Style and influences
The stylistic variety and level of experimentation in System of a Down's music has made it difficult to describe. Though they have evolved their sound with each album, System of a Down has, for the most part, maintained a single style throughout their body of work. This style has variously been termed alternative metal, alternative rock, art rock, experimental rock, hard rock, heavy metal, nu metal, progressive metal and progressive rock. Malakian has stated that "We don't belong to any one scene" and that "I don't like the nu-metal drop-A 7-string guitar sound; it is not my thing, at least not yet". According to Tankian, "As far as arrangement and everything, is pretty much pop. To me, System of a Down isn't a progressive band. But it's not a typical pop project, obviously. We definitely pay attention to the music to make sure that it's not something someone's heard before."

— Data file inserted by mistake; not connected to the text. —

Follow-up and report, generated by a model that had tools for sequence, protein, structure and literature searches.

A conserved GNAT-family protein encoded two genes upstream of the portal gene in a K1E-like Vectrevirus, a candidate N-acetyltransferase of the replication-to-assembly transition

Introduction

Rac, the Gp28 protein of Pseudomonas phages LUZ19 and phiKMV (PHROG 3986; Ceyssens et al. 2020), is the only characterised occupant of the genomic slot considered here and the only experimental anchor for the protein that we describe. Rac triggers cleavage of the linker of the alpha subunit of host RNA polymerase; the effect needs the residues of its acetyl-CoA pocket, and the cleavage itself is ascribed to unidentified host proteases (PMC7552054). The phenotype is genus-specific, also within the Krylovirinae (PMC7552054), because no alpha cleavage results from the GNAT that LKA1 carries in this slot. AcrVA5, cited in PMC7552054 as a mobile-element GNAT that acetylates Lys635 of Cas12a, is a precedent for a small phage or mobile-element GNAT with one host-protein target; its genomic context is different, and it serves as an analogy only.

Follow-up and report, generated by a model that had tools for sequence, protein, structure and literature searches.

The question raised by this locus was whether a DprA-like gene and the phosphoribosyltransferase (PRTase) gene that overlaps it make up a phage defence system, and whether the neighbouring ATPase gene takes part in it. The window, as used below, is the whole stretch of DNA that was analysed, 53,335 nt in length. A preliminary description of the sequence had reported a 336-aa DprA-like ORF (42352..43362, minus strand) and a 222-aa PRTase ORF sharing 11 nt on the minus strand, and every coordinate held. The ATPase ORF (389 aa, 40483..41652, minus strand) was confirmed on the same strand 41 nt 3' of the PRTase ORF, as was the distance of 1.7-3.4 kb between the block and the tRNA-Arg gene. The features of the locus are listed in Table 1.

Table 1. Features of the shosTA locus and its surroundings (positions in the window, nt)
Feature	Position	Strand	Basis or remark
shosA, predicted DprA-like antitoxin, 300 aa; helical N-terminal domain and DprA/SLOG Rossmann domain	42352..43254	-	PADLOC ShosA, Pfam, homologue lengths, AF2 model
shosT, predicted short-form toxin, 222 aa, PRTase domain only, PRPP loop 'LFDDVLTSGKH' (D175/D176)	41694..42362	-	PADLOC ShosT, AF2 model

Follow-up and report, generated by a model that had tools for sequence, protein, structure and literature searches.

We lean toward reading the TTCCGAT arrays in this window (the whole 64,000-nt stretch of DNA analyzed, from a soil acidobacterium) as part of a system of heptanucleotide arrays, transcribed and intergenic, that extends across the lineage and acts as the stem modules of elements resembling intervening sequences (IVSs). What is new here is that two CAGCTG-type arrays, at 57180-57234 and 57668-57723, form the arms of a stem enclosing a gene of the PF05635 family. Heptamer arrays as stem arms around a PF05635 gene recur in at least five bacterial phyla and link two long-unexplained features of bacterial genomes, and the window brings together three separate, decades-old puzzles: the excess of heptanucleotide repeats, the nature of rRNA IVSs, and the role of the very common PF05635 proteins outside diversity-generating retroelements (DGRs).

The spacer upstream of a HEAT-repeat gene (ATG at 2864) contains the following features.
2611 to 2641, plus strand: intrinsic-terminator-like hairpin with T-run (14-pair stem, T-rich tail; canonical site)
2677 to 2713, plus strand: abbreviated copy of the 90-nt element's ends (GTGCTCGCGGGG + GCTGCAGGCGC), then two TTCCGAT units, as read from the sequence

The band has used a wide range of instruments, including electric mandolins, baritone electric guitars, acoustic guitars, ouds, sitars and twelve string guitars. According to Malakian, he would often write songs in E? tuning, which would later be changed to drop C tuning in order to be performed by the band. Malakian states that "For me, the drop-C tuning is right down the center. It has enough of the clarity and the crisp sound?most of our riffy stuff is done on the top two strings, anyway?but it's also thicker and ballsier."
The band's influences include Middle Eastern music, The Beatles, Frank Zappa and Slayer. The band's musical style has often been compared to that of Zappa. Malakian has stated that "I'm a fan of music. I'm not necessarily a fan of any one band." Dolmayan stated "I dont think we sound like anybody else. I consider us System of a Down." Odadjian stated "You can compare us to whoever you want. I don't care. Comparisons and labels have no effect on this band. Fact is fact: We are who we are and they are who they are."